Risk
9/7/2010
05:38 PM
Connect Directly
Google+
LinkedIn
Twitter
RSS
E-Mail
50%
50%

Lawsuit Challenges DHS Laptop Search Policy

Rights groups seek a change in rules that allow U.S. officials to inspect electronic devices and copy data at border crossings.

The American Civil Liberties Union, the New York Civil Liberties Union, and the National Association of Criminal Defense Lawyers on Tuesday filed a lawsuit against the Department of Homeland Security seeking a change in the DHS policy governing searches of laptops and other electronic devices at U.S. border crossings.




Strategic Security Survey: Global Threat, Local Pain
(click for larger image and for full photo gallery)

The organizations charge that the DHS policy permitting "suspicionless" searches of laptops and other electronic devices at border checkpoints violates Fourth Amendment protections against unreasonable searches and First Amendment speech guarantees.

Catherine Crump, staff attorney with the ACLU Speech, Privacy and Technology Project, said in a statement that almost everyone these days carries a laptop or cell phone when traveling and that innocent Americans shouldn't feel that their personal information may be copied by the government as a consequence of traveling aboard.

The lawsuit was filed on behalf of National Press Photographers Association, whose member photographers and journalists are obliged to turn over sensitive confidential material to the DHS on demand, and Pascal Abidor, a 26-year-old dual U.S.-French citizen whose laptop was searched and confiscated at the Canadian border when traveling back to his home in New York on an Amtrak train in May.

Last year, the Department of Homeland Security issued new rules pertaining to searches of laptops and other electronic devices at airports and other border crossings. Regarded as clearer than Bush administration policies, the rules nonetheless give government agents the right to search electronic devices as if they were suitcases or backpacks, without cause, in keeping with a February 2009 Supreme Court ruling.

According to DHS documents obtained through an ACLU Freedom of Information Act lawsuit, over 6,600 travelers, about half of whom hold American citizenship, had their electronic devices searched at border checkpoints between October 1, 2008 and June 2, 2010.

A DHS document titled "Foreign Travel Threat Assessment: Electronic Communications Vulnerabilities," published in June, 2008, recognizes that when other governments copy data from travelers, it's a threat to U.S. business leaders and officials.

"Foreign governments routinely target the computers and other electronic devices and media carried by U.S. corporate and government personnel traveling abroad to gather economic, military, and political information," the document warns. "Theft of sensitive information can occur in a foreign country at any point between a traveler's arrival and departure and can continue after returning home without the victim being aware."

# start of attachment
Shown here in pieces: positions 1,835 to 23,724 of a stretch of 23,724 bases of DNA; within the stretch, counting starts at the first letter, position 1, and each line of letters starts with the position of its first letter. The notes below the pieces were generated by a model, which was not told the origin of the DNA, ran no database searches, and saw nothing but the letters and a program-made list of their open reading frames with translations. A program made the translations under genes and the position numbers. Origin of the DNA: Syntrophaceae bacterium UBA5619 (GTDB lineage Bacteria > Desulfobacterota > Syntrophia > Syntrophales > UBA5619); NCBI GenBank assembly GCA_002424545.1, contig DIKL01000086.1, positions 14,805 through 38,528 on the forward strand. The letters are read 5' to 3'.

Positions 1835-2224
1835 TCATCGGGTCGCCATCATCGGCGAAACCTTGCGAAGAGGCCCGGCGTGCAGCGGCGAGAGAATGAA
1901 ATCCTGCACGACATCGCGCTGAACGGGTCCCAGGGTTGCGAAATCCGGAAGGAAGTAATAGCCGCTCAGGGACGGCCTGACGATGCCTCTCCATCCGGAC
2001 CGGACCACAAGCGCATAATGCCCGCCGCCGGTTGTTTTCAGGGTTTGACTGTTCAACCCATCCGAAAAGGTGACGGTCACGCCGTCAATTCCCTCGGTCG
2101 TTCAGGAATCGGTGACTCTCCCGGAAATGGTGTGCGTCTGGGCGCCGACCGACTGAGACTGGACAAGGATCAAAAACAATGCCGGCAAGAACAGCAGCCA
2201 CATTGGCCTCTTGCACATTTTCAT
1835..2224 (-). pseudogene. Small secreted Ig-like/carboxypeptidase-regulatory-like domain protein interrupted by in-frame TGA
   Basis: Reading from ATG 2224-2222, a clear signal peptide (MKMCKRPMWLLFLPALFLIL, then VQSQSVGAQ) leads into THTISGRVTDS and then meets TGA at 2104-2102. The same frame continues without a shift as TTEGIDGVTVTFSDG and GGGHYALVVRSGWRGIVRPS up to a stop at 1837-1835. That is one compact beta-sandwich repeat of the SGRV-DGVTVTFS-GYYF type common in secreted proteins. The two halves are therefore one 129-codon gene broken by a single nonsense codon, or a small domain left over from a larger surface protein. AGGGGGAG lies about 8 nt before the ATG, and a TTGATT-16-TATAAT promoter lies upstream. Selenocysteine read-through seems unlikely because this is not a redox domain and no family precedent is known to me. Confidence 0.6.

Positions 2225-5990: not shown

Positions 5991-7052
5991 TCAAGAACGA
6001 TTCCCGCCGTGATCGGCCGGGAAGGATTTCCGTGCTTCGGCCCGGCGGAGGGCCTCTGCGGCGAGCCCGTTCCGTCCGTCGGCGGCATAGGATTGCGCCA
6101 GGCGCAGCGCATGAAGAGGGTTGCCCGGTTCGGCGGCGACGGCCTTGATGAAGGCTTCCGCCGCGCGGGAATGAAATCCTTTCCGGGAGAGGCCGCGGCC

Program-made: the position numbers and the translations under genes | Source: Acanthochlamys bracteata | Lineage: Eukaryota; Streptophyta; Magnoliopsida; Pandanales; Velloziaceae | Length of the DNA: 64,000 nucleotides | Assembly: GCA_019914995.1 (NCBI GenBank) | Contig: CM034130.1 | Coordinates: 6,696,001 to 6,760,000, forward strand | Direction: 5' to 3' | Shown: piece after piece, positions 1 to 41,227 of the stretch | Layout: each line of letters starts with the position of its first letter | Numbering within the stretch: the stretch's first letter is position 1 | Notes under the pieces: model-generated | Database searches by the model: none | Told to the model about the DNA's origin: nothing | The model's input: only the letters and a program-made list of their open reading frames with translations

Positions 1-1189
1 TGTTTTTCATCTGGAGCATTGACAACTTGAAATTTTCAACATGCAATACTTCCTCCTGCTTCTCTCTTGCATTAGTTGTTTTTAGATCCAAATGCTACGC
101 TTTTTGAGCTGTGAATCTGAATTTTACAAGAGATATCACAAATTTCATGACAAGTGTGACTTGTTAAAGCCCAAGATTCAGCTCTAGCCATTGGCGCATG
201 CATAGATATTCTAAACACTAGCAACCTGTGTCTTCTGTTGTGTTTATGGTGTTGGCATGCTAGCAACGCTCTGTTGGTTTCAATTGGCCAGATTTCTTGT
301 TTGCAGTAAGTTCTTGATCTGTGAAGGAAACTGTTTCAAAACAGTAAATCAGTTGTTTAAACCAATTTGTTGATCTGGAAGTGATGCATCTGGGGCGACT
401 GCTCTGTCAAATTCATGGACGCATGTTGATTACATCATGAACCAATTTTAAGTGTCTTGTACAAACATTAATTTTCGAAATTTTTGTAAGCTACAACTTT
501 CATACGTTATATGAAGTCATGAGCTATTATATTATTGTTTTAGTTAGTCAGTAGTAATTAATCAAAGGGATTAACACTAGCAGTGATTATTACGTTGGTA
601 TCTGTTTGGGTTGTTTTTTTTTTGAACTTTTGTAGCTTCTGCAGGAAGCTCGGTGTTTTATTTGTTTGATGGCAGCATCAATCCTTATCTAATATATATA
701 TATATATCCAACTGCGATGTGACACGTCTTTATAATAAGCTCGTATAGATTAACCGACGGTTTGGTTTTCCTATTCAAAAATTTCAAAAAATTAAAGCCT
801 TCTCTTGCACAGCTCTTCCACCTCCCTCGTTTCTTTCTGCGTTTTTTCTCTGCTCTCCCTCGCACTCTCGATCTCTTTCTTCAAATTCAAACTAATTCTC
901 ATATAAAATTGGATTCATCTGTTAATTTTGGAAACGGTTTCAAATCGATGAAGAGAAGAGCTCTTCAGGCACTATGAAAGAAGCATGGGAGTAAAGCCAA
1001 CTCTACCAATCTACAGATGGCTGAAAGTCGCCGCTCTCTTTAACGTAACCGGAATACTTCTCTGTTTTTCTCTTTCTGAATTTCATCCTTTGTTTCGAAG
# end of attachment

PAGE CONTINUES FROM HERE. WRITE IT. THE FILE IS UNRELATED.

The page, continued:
Comment  | 
Print  | 
More Insights
Register for Dark Reading Newsletters
White Papers
Cartoon
Current Issue
Dark Reading Tech Digest, Dec. 19, 2014
Software-defined networking can be a net plus for security. The key: Work with the network team to implement gradually, test as you go, and take the opportunity to overhaul your security strategy.
Flash Poll
Video
Slideshows
Twitter Feed
Dark Reading - Bug Report
Bug Report
Enterprise Vulnerabilities
From DHS/US-CERT's National Vulnerability Database
CVE-2004-2771
Published: 2014-12-24
The expand function in fio.c in Heirloom mailx 12.5 and earlier and BSD mailx 8.1.2 and earlier allows remote attackers to execute arbitrary commands via shell metacharacters in an email address.

CVE-2014-3569
Published: 2014-12-24
The ssl23_get_client_hello function in s23_srvr.c in OpenSSL 1.0.1j does not properly handle attempts to use unsupported protocols, which allows remote attackers to cause a denial of service (NULL pointer dereference and daemon crash) via an unexpected handshake, as demonstrated by an SSLv3 handshak...

CVE-2014-4322
Published: 2014-12-24
drivers/misc/qseecom.c in the QSEECOM driver for the Linux kernel 3.x, as used in Qualcomm Innovation Center (QuIC) Android contributions for MSM devices and other products, does not validate certain offset, length, and base values within an ioctl call, which allows attackers to gain privileges or c...

CVE-2014-6132
Published: 2014-12-24
Cross-site scripting (XSS) vulnerability in the Web UI in IBM WebSphere Service Registry and Repository (WSRR) 6.3 through 6.3.0.5, 7.0.x through 7.0.0.5, 7.5.x through 7.5.0.4, 8.0.x before 8.0.0.3, and 8.5.x before 8.5.0.1 allows remote authenticated users to inject arbitrary web script or HTML vi...

CVE-2014-6153
Published: 2014-12-24
The Web UI in IBM WebSphere Service Registry and Repository (WSRR) 6.3.x through 6.3.0.5, 7.0.x through 7.0.0.5, 7.5.x through 7.5.0.4, 8.0.x before 8.0.0.3, and 8.5.x before 8.5.0.1 does not set the secure flag for a cookie in an https session, which makes it easier for remote attackers to capture ...

Best of the Web
Dark Reading Radio
Archived Dark Reading Radio
Join us Wednesday, Dec. 17 at 1 p.m. Eastern Time to hear what employers are really looking for in a chief information security officer -- it may not be what you think.